Ziehr et al v. United State of America
ORDER denying 10 defendant's motion to dismiss case. Signed on 12/17/10 by District Judge Greg Kays. (Francis, Alexandra)
IN THE UNITED STATES DISTRICT COURT FOR THE WESTERN DISTRICT OF MISSOURI SOUTHERN DIVISION JON PAUL ZIEHR, et al., Plaintiffs, v. UNITED STATES OF AMERICA, Defendant. ) ) ) ) ) ) ) ) )
Case No. 10-00299-CV-S-DGK
ORDER Pending before the Court is Defendant's Motion to dismiss for failure to comply with Missouri Revised Statute section 538.225.2. Doc. 10. The Court has reviewed this Motion in conjunction with Plaintiff's Suggestions in Opposition and Defendant's Reply. Docs. 14-15. For the reasons discussed below, this Motion is DENIED. Background On April 1, 2010, Plaintiffs filed suit pursuant to the Federal Tort Claims Act ("FTCA"), alleging that various military doctors failed to diagnose Mr. Ziehr with a congenital heart defect called an atrial septal defect,1 ("ASD") causing him to develop Eisenmenger's Syndrome.2 Plaintiff Jennifer Ziehr also claims loss of consortium. Prior to filing suit, Plaintiffs filed a claim with the U.S. Army Claims Service on August 24, 2005, which was denied. Doc. 1 at 15-16. On June 24, 2010, Plaintiffs' attorney filed an affidavit stating that he has obtained the written opinion of Dr. Gerald B. Lee, M.D. that "the defendant health care provider and its agents and employees failed to use such care as a reasonably prudent and careful health care provider under
ASD is "a hole in the wall between the two upper chambers of your heart." Atrial septal defect (ASD), MayoClinic.com, http://www.mayoclinic.com/health/atrial-septal-defect/DS00628 (last visited October 25, 2010). 2 Eisenmenger's syndrome is "a heart condition associated with high blood pressure in the lungs." Eisenmenger Syndrome, MayoClinic.com, http://www.mayoclinic.org/eisenmenger-syndrome/ (last visited October 25, 2010).
similar circumstances [which]...directly caused or directly contributed to cause the damages claimed by the plaintiffs." Doc. 6 at ¶ 4. This affidavit was filed pursuant to the requirements of Missouri Revised Statute section 538.225, governing tort actions against health care providers. In 2005, section 538.225 was revised to add a definition of "legally qualified health care provider" which requires plaintiffs to obtain the opinion of a health care provider "either actively practicing or within five years of retirement from actively practicing substantially the same specialty as the defendant." Mo. Rev. Stat. § 538.225.2. This revision was part of a bill which modified many provisions of Missouri tort law. The bill provided that "[t]he provisions of this act...shall apply to all causes of action filed after August 28, 2005." H.B. 393, 93rd Gen. Ass., 1st Reg. Sess. (Mo. 2005). Discussion Defendant seeks dismissal of this action or, in the alternative, dismissal of certain allegations, for failure to comply with the affidavit requirements. Defendant asserts that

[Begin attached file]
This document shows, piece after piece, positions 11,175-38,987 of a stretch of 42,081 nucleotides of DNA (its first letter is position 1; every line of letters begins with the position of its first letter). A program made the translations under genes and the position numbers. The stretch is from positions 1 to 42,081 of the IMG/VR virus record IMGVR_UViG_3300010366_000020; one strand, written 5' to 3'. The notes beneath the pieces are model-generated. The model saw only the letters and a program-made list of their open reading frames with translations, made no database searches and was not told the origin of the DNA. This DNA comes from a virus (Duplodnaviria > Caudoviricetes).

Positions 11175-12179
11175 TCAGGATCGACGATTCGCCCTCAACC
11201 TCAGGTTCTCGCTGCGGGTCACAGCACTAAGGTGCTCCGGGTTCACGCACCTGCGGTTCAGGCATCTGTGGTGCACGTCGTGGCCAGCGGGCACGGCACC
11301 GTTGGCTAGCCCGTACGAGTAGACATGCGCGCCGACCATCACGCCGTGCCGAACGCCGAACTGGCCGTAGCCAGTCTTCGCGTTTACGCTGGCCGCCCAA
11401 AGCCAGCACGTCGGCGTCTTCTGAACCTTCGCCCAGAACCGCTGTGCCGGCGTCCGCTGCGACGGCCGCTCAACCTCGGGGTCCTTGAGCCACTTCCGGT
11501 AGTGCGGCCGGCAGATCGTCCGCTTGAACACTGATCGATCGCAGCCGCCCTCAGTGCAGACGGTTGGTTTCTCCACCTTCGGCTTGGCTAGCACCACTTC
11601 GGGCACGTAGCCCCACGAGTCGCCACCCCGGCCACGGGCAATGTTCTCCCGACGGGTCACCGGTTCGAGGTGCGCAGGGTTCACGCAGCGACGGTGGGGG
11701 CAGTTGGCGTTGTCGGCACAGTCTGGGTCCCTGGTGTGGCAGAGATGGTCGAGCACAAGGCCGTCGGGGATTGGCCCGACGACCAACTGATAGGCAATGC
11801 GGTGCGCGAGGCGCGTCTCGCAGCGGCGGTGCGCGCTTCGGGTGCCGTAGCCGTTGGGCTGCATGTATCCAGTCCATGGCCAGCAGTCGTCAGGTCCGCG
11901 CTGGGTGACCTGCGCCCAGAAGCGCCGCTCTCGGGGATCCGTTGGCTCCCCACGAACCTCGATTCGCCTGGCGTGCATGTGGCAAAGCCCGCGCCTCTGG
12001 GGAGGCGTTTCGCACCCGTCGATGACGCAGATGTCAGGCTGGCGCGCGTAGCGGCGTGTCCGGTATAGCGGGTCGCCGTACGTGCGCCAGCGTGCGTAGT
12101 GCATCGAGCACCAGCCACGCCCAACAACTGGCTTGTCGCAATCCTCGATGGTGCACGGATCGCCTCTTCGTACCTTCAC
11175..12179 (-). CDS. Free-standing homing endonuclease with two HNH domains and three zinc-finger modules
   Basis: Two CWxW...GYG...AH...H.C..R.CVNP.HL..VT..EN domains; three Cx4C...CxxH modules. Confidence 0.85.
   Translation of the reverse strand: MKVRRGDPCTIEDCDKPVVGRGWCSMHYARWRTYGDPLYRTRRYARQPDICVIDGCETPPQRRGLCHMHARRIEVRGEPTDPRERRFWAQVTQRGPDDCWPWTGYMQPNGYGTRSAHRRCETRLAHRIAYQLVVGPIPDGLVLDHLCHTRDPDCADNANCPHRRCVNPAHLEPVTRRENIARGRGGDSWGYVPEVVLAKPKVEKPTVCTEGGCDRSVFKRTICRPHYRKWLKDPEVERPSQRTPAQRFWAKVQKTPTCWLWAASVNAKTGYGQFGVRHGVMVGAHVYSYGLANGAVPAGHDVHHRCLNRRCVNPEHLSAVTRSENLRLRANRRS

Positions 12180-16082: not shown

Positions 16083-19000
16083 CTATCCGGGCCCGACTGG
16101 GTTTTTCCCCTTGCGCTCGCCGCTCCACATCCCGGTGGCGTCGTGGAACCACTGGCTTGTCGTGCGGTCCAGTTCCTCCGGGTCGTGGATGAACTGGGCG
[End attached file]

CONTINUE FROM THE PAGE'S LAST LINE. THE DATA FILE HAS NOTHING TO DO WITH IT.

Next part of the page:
Plaintiffs' affidavit is insufficient because it does not state that Dr. Lee practices in substantially the same area of practice as the health care providers in this case. Plaintiffs respond by arguing that because they filed their administrative claim on August 24, 2005, the current version of the statute does not apply. In the alternative, Plaintiffs argue that Dr. Lee meets the specialty requirement and that they have obtained further qualifying written opinions. A. Current Missouri Law Applies To This Case In support of their argument that the prior version of section 538.225 applies, Plaintiffs offer a nonprecedential Ninth Circuit opinion interpreting Arizona law. Mezei v. United States, 51 F.3d 381 (Table), 1995 WL 139233 (9th Cir. 1995). Mezei held "that for purposes of the FTCA, the filing of an administrative claim is the equivalent of the filing of an `action' pursuant